From start to finish, “Black Panther” unapologetically immerses the audience into a medley of African cultures.
The film goes beyond superhero movie rhetoric and touches on heavy themes such as identity, responsibility, forgiveness, African diaspora, colonization, politics and representation.
“Black Panther” is not the first black superhero film (we all remember the “Blade” trilogy). However, it is the first Marvel film to feature an African hero and the continent’s diaspora, which is the dispersion of people from their original homeland.
Wakanda allows people to see the power of an African nation untouched by slavery or colonization.
Here’s why all of this matters: A superhero film is a way to see one’s self as capable of greatness despite flaws, yet most of these films portray predominantly white males.
A study by professors at the University of South California analyzed character representation in 800 films between 2007 and 2015.
Of the 35,205 characters studied, 31.4 percent who spoke were female, 26.3 percent were racial minorities and 2.4 had disabilities, according to the study.
But “Black Panther” gives black people the chance to see themselves as heroes and witness different African cultures being positively portrayed. It also opens the door for more cultures to be represented in future films.
It’s important for the youth to see this kind of representation and foster confidence early on.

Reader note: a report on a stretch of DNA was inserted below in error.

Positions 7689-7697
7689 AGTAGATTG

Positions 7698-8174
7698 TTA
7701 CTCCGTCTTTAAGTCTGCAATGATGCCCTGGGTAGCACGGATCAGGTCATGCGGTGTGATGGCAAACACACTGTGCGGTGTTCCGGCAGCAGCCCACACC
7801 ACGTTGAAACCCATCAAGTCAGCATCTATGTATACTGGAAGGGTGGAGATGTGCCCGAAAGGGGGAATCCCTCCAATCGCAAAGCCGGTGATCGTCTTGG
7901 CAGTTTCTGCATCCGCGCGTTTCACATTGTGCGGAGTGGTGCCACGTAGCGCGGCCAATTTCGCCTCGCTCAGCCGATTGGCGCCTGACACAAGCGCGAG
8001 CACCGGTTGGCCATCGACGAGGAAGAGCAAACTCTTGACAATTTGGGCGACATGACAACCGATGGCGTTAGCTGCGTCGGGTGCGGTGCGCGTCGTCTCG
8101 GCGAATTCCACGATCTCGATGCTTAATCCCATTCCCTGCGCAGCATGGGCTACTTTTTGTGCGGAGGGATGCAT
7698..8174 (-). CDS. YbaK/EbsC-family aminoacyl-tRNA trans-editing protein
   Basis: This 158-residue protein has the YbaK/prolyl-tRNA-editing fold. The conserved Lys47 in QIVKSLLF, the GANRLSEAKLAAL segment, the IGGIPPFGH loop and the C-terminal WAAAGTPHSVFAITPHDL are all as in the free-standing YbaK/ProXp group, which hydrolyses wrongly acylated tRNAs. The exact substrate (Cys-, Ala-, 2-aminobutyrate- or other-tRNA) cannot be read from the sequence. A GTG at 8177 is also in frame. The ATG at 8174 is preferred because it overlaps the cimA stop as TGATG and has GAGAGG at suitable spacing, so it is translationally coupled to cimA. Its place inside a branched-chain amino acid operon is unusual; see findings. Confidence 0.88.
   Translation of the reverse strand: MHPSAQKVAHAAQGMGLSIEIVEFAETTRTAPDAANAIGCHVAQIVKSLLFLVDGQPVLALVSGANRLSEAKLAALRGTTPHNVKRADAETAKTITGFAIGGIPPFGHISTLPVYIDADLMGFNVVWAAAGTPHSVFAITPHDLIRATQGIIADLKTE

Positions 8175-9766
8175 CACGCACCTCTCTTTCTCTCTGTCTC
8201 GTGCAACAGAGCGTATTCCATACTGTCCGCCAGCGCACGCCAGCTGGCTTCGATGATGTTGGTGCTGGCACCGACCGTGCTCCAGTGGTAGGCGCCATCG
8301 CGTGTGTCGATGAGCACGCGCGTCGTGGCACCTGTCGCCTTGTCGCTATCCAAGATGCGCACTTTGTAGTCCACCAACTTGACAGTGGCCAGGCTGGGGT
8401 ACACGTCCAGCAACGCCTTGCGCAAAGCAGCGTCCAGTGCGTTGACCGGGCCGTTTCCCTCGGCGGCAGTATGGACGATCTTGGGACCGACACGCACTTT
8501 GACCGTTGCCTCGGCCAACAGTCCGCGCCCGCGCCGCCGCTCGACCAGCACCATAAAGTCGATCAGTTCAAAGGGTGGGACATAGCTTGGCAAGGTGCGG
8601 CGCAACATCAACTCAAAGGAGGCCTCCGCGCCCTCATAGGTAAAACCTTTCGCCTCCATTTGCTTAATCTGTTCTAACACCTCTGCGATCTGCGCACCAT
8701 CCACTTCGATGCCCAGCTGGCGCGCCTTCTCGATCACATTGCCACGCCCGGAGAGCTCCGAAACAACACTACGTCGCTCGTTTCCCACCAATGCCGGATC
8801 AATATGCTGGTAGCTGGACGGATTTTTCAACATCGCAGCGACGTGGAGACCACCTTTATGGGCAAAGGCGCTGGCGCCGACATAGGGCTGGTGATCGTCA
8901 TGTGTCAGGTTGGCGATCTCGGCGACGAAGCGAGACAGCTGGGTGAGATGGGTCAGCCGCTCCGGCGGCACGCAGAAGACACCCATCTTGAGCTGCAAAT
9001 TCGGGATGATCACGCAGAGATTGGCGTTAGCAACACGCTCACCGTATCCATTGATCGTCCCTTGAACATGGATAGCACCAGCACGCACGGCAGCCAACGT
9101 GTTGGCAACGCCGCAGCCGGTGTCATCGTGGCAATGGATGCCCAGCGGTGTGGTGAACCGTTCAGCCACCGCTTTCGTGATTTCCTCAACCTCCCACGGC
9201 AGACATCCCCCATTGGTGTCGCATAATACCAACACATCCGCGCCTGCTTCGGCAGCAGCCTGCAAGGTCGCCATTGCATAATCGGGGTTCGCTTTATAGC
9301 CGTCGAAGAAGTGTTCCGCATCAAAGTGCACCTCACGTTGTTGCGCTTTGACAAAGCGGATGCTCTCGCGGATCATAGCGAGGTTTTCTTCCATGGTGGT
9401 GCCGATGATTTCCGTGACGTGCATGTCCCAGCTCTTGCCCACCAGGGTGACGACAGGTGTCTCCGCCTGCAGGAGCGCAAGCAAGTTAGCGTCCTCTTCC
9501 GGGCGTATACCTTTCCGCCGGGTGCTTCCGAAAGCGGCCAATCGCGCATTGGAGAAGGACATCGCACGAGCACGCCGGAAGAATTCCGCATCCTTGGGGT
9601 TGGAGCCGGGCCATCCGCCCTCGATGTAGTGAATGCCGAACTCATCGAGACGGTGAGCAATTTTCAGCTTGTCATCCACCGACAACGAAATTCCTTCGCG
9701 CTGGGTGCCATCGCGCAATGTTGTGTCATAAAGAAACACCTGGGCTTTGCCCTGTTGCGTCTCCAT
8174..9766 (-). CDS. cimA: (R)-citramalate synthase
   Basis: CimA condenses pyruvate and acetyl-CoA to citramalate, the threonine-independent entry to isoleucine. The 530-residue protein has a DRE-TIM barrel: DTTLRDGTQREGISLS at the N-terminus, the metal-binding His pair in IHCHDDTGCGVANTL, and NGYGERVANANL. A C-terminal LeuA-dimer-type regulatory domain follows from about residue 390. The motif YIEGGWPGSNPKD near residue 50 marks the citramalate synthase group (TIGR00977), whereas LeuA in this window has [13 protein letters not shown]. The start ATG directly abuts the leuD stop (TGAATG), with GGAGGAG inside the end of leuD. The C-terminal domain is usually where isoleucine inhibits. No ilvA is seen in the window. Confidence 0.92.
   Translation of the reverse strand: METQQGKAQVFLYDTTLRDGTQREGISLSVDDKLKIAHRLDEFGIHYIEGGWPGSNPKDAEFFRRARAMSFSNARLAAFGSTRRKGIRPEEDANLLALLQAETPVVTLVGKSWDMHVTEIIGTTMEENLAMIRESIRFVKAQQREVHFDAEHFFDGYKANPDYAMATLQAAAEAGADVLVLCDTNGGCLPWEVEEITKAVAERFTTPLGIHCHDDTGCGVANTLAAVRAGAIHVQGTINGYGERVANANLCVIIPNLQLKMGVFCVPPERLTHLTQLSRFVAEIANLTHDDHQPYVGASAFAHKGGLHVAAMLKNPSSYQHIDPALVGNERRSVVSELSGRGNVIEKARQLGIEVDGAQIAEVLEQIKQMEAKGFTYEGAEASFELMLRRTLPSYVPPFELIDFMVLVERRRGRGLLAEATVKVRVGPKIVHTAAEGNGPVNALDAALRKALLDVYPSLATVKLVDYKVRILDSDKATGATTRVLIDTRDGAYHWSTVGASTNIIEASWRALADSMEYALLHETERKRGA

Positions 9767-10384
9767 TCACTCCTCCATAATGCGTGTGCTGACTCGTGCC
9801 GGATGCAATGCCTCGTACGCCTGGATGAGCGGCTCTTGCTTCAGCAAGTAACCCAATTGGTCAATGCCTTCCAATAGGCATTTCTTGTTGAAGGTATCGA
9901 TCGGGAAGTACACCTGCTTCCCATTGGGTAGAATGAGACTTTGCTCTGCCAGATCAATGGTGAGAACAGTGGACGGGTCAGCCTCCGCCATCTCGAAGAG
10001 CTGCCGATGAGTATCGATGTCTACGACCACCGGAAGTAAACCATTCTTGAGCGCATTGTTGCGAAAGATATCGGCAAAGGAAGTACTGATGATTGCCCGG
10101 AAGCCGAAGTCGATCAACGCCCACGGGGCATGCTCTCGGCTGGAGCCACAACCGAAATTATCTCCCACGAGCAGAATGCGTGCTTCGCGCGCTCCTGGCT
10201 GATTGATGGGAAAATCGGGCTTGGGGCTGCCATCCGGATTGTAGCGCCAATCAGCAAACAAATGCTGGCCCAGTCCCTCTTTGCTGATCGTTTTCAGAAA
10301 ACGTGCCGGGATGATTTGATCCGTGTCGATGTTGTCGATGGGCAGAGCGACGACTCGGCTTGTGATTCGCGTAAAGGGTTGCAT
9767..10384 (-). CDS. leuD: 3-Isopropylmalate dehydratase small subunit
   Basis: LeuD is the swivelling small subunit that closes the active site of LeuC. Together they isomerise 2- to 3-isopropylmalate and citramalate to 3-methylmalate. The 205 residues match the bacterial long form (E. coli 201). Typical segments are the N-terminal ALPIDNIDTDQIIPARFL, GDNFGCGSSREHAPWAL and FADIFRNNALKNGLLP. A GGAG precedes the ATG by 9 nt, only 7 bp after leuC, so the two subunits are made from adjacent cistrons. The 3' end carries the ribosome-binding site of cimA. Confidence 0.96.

The film spurred a phenomenon where schools such as Bethune Mary McLeod School in Philadelphia, Pennsylvania, raised money for students who couldn’t afford to see “Black Panther.” Celebrities such as Octavia Spencer bought out entire movie theaters in black communities to allow disadvantaged children to see the movie.
The film also tears down the stigma against women. The women in “Black Panther” are anything but damsels in distress. The women are strong, intelligent and just as capable as men — they are warriors. They do not have to diminish their power in order for the men to showcase theirs; they equally grow together.
In the Marvel film, Wakandan King T’Challa must decide whether the nation should use its success and wealth to aid the less fortunate — something it’s never done before.
Wakanda takes a closed-door approach to global politics, opting to stay in the shadows amidst global chaos in order to remain successful. The political commentary resonates in present-day America, which has closed the door on some countries in need of refuge.
The antagonist of the film is Killmonger, a highly intelligent mercenary with a dark and personal connection to Wakanda. He challenges its isolationist attitude and aims to disperse Wakanda’s technology across the world to help blacks rise in power and capability.
Killmonger’s extremist character is shaped by how blacks such as himself are treated in the United States. He scorns Wakanda for basking in wealth and technology while blacks suffered slavery, racism and societal marginalization.
The film’s characters comment on the black experience in America as they describe neighborhoods flooded with drugs and violence.
“Black Panther” is intelligent, passionate, humorous and nothing short of revolutionary. Ultimately, the film transcends the basic Marvel movie premise of good versus bad for the sake of it and offers a more complex take instead. It gives viewers thought-provoking context, dialogue and character development.
Most of all, the film was released during a time of tremendous political and racial divide and offers a glimmer of hope to those who feel ousted by the society they live in.
Photo courtesy of IMP Awards.